An animal's genetics determine its potential. This is a simple assertion with big ramifications.

They're big because we can apply management practices to influence an animal's growth, carcass quality and reproductive performance. But, regardless of what we do, a particular animal won't outperform another animal that has better genetics if the two are managed the same way.

That's why the objective is to apply our knowledge of genetics in a way that ensures we have the best possible potential in each conception. In other words, actively determine best potential through genetics.

What are the tools, or genetic "arrows," we can use to achieve this? What are the obstacles? Let's look at some of the genetic arrows in a systematic way, then relate them to obstacles we face in applying them to traits.

Animal Breeding Conventional animal breeding tools can be divided into two components: selection and mating systems. Each component has a very precise objective. We use selection to change frequencies of beneficial genes in the population. We use mating systems to optimize gene combinations.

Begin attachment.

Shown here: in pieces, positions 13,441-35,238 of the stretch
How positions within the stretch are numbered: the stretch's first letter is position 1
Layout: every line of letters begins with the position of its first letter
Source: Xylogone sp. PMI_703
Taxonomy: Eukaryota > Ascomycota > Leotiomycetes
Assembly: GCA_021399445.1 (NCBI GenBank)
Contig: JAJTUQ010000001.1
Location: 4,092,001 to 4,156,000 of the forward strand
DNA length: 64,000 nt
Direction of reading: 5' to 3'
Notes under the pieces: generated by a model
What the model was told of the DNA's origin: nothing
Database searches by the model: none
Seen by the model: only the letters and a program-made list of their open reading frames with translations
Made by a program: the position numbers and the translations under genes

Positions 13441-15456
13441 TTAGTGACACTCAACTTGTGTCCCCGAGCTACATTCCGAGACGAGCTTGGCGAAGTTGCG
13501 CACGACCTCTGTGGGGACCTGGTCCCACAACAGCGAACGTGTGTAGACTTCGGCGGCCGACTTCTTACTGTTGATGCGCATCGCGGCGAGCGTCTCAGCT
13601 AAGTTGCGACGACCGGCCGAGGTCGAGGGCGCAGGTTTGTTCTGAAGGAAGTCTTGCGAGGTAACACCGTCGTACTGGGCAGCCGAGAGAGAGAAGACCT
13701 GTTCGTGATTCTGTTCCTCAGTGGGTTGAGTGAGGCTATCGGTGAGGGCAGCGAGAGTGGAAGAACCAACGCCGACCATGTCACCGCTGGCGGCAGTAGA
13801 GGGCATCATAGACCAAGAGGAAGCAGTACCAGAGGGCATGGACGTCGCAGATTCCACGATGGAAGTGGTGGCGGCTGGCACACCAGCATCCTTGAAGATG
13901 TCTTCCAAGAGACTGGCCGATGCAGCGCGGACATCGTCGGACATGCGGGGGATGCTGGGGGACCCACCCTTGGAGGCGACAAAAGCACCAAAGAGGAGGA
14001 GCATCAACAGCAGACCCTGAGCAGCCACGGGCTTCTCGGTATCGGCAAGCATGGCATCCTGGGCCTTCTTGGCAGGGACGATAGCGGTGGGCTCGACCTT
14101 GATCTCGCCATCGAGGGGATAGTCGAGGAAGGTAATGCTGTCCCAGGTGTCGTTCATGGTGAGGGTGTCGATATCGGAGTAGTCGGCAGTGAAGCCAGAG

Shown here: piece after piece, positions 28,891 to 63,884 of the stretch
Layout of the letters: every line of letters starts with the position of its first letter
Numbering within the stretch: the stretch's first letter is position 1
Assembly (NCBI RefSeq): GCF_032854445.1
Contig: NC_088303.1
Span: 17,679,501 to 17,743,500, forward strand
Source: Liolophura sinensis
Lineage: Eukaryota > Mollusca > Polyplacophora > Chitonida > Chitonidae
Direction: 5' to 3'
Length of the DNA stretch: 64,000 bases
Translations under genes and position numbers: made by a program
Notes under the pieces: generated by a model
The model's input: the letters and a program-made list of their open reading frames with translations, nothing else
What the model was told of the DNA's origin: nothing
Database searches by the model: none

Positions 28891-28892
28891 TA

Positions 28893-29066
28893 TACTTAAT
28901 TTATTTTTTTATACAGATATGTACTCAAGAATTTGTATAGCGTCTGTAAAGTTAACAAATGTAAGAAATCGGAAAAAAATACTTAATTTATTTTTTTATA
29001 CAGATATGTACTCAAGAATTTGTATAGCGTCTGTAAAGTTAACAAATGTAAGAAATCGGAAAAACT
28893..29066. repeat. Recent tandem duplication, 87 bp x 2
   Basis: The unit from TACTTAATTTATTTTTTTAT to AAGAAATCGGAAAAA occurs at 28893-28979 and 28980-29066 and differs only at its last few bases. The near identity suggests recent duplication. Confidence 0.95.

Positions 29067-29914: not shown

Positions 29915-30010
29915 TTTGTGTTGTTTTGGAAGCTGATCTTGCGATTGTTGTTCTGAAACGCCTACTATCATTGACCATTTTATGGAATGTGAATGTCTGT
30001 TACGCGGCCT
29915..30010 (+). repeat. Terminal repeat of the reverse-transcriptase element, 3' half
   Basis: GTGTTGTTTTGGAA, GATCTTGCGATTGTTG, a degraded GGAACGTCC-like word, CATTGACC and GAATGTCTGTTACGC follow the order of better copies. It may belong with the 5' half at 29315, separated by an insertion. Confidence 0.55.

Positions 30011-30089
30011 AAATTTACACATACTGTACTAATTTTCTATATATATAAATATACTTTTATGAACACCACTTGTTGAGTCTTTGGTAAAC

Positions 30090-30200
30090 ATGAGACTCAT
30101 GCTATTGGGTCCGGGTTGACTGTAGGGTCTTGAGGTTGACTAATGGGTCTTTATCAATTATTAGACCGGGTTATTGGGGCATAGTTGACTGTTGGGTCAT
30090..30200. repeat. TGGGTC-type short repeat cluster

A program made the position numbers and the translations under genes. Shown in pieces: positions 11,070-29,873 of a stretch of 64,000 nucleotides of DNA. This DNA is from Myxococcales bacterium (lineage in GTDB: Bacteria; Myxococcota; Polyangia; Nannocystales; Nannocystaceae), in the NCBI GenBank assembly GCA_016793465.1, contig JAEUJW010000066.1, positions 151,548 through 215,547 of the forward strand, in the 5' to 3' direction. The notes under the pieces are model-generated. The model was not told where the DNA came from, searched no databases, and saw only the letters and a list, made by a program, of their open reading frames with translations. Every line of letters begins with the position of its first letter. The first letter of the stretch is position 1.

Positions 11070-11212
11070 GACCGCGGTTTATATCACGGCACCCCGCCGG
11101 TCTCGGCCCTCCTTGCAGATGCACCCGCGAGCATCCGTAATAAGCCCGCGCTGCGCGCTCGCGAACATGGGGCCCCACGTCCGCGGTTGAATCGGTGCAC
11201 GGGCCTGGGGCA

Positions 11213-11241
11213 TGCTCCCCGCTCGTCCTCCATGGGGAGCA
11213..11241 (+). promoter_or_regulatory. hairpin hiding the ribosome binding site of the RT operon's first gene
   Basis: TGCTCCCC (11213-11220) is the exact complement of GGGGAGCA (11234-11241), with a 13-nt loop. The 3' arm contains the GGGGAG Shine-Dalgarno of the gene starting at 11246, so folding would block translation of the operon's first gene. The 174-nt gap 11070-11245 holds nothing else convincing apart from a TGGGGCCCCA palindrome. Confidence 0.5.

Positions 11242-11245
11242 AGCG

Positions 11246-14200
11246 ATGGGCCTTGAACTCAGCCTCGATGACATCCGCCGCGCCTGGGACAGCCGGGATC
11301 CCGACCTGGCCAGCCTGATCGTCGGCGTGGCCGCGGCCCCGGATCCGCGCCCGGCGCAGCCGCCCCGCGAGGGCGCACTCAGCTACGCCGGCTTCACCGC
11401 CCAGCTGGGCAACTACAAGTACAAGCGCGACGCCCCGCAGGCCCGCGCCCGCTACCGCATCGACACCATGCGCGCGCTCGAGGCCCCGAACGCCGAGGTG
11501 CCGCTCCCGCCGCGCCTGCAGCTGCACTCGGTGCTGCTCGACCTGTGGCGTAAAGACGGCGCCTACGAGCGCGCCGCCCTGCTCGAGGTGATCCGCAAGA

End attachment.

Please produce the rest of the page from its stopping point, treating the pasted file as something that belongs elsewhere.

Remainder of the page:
The two are not mutually exclusive. The outcome of a mating system can be enhanced by the selection of superior animals going into the program. Likewise, the potential impact of superior animals can be enhanced by a well-designed mating system.

Once we define objectives of our breeding program, then the search begins for animals that best meet the criteria set in those objectives. First, we need data and a system to transform that data into information. Although we lack data on many traits, we can rank animals based on the information we have. We can then choose individuals closest to our breeding objectives.

Breeding objectives can be simple or complex. For simple objectives, such as single trait selection, EPDs are important information. EPDs represent a synthesis of data from a wide range of sources. That is why they're valuable.

Consider the weaning weight EPD of a bull. Data supporting that EPD can consist of pedigree information, individual performance and progeny data, all combined in an optimum way. In many of the evaluation systems used today, an EPD also contains information derived from correlated traits.

For complex breeding objectives, such as multiple-trait selection, we can combine EPDs into selection indices. Accuracy numbers help our decision making by conveying EPD reliability.

Mating systems exist to optimize gene combinations, either by increasing or decreasing heterozygosity. In increasing homozygosity, inbreeding makes progeny more uniform - a production goal in some species.